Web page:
This growing AI landscape is an often overlooked industry for German startups considering South Korea, despite the Asian nation being a highly digitized society. In this article, we explore the AI ecosystem in the South Korea market and internationalization opportunities for German AI startups into Asia.
The South Korea Startup Scene
Despite its small size within Asia, South Korea is home to over 25 startup unicorns. In addition, a number of venture-backed startups have either recently experienced an initial public offering (IPO) or are planning to IPO in the near future.
Korea is still catching up with the rest of the world in terms of its AI ecosystem, especially when compared to tech giants like the U.S. or China. However, its growth curve is quite steep with an estimated CAGR of 24% (and up to 15% through 2025).
“South Korea is also a leader when it comes to AI-related patents,” said Marta Allina, country representative for South Korea with German Accelerator and founder of Seoul Startups. “However, the quality of those patents is still coming up to par with the U.S .”
With Silicon Valley serving as the benchmark, South Korea is only about 70% as developed as the U.S. in terms of its AI ecosystem, especially when it comes to startups. This fact has pushed the Korea government to invest resources into the development of this industry.
Government Support for AI Startups in South Korea
For the past half-century, the South Korea economy relied on large corporations like Samsung or LG for jobs and growth, but the national government has realized that’s not a sustainable long-term strategy.
So in recent years, the government of South Korea has focused on supporting startups – locally called “venture businesses” – in order to create jobs and economic growth. As a result, there are a lot of programs and grants to support startups in Korea with R&D and business development.
“The government has established an AI investment fund worth US$311 million (393 billion KRW) to implement its national AI strategy,” said Allina. “There’s even a government program called ‘Baby Unicorn Development Project.’ As you can see, they’re very serious about developing and rearing up new startup unicorns.”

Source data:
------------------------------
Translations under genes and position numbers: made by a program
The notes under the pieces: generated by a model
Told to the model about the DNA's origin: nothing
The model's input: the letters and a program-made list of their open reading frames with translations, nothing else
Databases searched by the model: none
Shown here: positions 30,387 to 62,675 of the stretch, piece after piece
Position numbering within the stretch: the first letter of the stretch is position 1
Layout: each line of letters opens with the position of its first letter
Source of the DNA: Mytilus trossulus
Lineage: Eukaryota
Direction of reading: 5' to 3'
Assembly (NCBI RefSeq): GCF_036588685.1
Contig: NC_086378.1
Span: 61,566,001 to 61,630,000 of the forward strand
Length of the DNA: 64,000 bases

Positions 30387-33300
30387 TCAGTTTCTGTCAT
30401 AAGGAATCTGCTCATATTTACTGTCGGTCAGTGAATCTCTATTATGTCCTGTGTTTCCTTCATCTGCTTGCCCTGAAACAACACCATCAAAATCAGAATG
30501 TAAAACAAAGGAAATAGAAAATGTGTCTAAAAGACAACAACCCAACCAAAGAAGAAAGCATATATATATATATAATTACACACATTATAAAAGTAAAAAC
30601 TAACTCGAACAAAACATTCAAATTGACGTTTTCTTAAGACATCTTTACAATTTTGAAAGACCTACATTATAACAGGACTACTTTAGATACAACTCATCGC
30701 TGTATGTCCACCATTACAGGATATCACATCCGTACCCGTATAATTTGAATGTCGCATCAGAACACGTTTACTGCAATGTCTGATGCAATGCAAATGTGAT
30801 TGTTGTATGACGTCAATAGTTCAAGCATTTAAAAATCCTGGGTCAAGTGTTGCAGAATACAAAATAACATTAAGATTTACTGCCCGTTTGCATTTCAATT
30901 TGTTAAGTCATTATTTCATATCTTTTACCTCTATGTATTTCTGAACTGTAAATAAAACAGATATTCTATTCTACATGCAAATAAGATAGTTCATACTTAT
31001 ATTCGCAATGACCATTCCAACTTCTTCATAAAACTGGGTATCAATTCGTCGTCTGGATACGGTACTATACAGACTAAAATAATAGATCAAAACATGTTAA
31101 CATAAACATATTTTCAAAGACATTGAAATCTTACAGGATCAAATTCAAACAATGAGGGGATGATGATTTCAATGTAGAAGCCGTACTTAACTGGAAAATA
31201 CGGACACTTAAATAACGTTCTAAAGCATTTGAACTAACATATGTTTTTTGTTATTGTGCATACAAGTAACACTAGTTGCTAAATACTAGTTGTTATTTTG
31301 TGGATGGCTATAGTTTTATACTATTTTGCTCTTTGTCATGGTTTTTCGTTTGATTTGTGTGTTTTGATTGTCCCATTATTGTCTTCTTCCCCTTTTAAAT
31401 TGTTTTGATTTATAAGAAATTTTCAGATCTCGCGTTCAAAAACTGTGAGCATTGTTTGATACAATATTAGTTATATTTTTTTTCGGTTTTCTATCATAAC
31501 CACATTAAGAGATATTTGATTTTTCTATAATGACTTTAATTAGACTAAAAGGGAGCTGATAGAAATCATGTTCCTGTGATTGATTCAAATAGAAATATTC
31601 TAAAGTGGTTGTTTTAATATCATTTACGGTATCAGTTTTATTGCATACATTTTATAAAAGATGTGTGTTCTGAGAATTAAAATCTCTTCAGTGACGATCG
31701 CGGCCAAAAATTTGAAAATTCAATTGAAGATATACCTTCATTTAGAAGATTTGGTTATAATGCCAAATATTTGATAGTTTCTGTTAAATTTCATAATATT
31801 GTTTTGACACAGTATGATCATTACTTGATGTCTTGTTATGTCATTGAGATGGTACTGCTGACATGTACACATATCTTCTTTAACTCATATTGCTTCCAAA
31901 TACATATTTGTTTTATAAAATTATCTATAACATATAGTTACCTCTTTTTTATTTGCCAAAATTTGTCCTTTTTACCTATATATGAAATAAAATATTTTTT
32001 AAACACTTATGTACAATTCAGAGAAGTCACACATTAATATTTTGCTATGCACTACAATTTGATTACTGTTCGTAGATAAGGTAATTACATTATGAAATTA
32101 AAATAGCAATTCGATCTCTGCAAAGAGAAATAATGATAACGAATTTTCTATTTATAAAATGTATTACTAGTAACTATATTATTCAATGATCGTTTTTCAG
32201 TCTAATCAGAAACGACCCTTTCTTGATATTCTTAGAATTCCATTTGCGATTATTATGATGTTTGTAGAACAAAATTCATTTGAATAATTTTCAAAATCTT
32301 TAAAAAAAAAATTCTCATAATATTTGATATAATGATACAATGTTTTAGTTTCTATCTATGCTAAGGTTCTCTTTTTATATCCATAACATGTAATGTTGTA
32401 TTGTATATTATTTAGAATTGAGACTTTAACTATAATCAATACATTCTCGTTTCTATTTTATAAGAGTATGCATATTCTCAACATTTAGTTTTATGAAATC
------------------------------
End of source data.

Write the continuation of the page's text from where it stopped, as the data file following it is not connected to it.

Since 2018, there’s been a series of policies to drive increased research and development in AI. The government’s focus has mostly been on building AI support infrastructure and to foster future high-tech talent. One goal for the Korea government is to foster over 100,000 AI engineers by 2025, hence there’s been a lot of cooperation with local universities and research centers to encourage young people to choose AI engineering or research as a career.
The three largest government ministries with AI support initiatives include:
• Ministry of Science & ICT
• Ministry of Land Infrastructure & Transport
• Ministry of Trade, Industry & Energy
“These three ministries really work together to develop and execute various AI initiatives, including national AI industry hubs and big data centers for AI research,” said Allina.
The government is currently developing an AI complex in Gwangju where it wants to create Korea’s national hub for artificial intelligence. The complex would be a free economic zone to encourage foreign initiatives and projects to collaborate with Korea AI researchers.
While Gwangju is the biggest international complex in Korea, there are also regional AI hubs in Seoul, Pohang, and other cities that focus on specific industries. These hubs encourage cooperation between corporates and startups to develop innovative AI solutions to industry-specific challenges.
Startup-Corporate Collaboration on AI
South Korea’s flagship corporations have heavily invested in AI research – and they often collaborate with startups to bring various technologies to market.
“Besides setting up AI research centers, these big corporations in South Korea have also been recruiting and acquiring top talent from around the world to help them develop new AI products and services,” said Allina.
For example, Samsung Electronics has seven global AI research centers around the world and has recently developed an AI bot called Samantha. Likewise, LG has set up multiple AI research centers focusing on appliances, telecommunications, electronics, and biotechnology. Its spinoff company, LGU+, has been implementing AI on IPTV in Korea.
Hyundai Motors also has its own AI research initiatives focusing on automotive tech, voice agents, mobility service platforms, and smart factories to make its production processes more efficient.
Korea’s local search engine, Naver, recently opened a global AI R&D center in France, and another Korea tech giant, Kakao, has developed an AI personal assistant called Casper that excels at text-to-speech, speech-to-text, language translation, and image recognition.
AI Investment Trends in South Korea
• Context recognition
• Vision recognition
• Machine learning (ML)
“Everyone wants to know where AI is going to go next,” said Allina. “In South Korea, there are a number of key industries on the rise that need AI solutions in the next few years.”